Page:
The Blob is back. The term was coined a few years ago to describe a warm patch of water in the Gulf of Alaska and northern Pacific Ocean. It can turn the weather warm and dry in the state.
Brian Brettschneider is a climatologist in Anchorage who closely tracks Alaska climate data and trends. Alaska’s Energy Desk is checking in with him regularly for the segment- Ask a Climatologist.
Brettschneider says earlier this year, it looked like the Blob was gone, but that wasn’t quite right.
Brian: It’s always been there, it’s just been hovering below the surface, so if you looked at sea surface temperatures, it kind of looked like it was getting back to normal, but all that warmth was just kind of pushed down a little bit and now it’s making its way back to the surface. And it really looks like the blob again.
Annie: And when you look at a map of this, it’s really striking, can you describe it?
Brian: When you look at these maps of sea surface temperatures- the ones that have been released the last few weeks- they really show this very pronounced warm water anomaly sitting just south of mainland Alaska in the Gulf of Alaska. Of course the colors they use in the maps in general for above normal conditions are red, so you have this red circle sitting below Alaska and it really does look like a blob.
Annie: What affect does this have on Alaska?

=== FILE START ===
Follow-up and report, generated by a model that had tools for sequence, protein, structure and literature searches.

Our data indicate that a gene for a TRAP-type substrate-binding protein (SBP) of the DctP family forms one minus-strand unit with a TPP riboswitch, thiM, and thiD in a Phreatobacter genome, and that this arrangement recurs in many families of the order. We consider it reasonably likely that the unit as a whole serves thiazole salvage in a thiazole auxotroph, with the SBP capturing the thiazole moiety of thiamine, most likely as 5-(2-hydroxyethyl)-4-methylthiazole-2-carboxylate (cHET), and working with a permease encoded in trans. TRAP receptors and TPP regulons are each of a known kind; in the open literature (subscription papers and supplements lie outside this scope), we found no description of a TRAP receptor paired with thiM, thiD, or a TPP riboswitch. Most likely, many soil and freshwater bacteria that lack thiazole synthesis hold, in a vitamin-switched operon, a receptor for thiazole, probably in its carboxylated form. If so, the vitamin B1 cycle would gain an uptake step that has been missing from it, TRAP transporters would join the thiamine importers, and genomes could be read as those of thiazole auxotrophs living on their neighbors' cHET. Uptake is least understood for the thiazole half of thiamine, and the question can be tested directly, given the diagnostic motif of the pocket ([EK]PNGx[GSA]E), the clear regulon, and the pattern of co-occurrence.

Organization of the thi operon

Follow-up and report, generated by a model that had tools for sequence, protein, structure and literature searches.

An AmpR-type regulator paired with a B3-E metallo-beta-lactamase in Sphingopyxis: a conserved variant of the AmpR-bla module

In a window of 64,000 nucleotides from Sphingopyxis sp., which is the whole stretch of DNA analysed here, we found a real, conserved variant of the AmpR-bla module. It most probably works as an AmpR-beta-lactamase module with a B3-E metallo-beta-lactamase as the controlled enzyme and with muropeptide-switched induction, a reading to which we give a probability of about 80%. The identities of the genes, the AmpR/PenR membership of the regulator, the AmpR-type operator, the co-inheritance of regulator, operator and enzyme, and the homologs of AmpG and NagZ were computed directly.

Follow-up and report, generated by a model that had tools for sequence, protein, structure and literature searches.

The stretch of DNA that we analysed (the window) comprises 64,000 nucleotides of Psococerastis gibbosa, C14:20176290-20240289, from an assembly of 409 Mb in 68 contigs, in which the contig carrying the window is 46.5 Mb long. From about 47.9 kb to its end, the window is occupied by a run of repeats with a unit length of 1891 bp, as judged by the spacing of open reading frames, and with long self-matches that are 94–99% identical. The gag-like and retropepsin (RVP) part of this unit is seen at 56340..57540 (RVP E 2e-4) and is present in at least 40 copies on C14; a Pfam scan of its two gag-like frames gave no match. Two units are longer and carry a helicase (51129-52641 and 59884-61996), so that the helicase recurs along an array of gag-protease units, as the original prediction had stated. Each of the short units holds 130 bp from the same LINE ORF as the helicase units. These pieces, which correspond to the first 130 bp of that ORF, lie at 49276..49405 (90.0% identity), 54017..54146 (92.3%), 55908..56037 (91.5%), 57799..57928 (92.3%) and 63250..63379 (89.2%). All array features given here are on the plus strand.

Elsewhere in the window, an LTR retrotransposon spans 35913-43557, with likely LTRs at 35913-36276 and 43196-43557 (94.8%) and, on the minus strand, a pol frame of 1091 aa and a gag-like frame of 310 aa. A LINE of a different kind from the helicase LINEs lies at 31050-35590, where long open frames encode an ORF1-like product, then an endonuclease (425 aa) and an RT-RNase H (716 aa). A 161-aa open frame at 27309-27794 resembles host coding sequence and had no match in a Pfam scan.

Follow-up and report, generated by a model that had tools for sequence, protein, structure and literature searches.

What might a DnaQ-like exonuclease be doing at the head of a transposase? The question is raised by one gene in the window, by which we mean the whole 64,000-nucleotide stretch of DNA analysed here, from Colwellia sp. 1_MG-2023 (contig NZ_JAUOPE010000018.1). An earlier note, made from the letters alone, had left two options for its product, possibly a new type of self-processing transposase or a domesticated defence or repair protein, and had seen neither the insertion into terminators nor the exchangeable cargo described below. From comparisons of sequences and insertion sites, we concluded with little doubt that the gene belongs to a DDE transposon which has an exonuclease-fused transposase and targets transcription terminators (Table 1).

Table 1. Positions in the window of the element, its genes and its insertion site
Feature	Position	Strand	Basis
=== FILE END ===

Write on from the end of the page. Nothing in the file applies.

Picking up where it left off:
Brian: When there’s warm waters that surround Alaska it really promotes warm surface temperatures in the state. It also affects the upper level patterns. The last time the blob was this pronounced we had a strong upper level high pressure that set up and that really kept us dry. And then to the downstream side of that in Canada and the northern part of the lower 48, that actually drove their winds, made [them] come from the North, so it made it colder and snowier over there. But over here, in our part of the world, it promoted above normal temperatures and below normal precipitation.
Annie: And what is the connection between the blob and global warming?
Brian: Global warming, I like to say, adds a baseline. It’s like a background noise that gets slightly louder every year. But the blob is something that sits on top of that. So for example, at some point in the past, a blob pattern may have only been two or three degrees above normal, whereas now its four or five, maybe six degrees above normal. So it’s just something that adds on to the background conditions.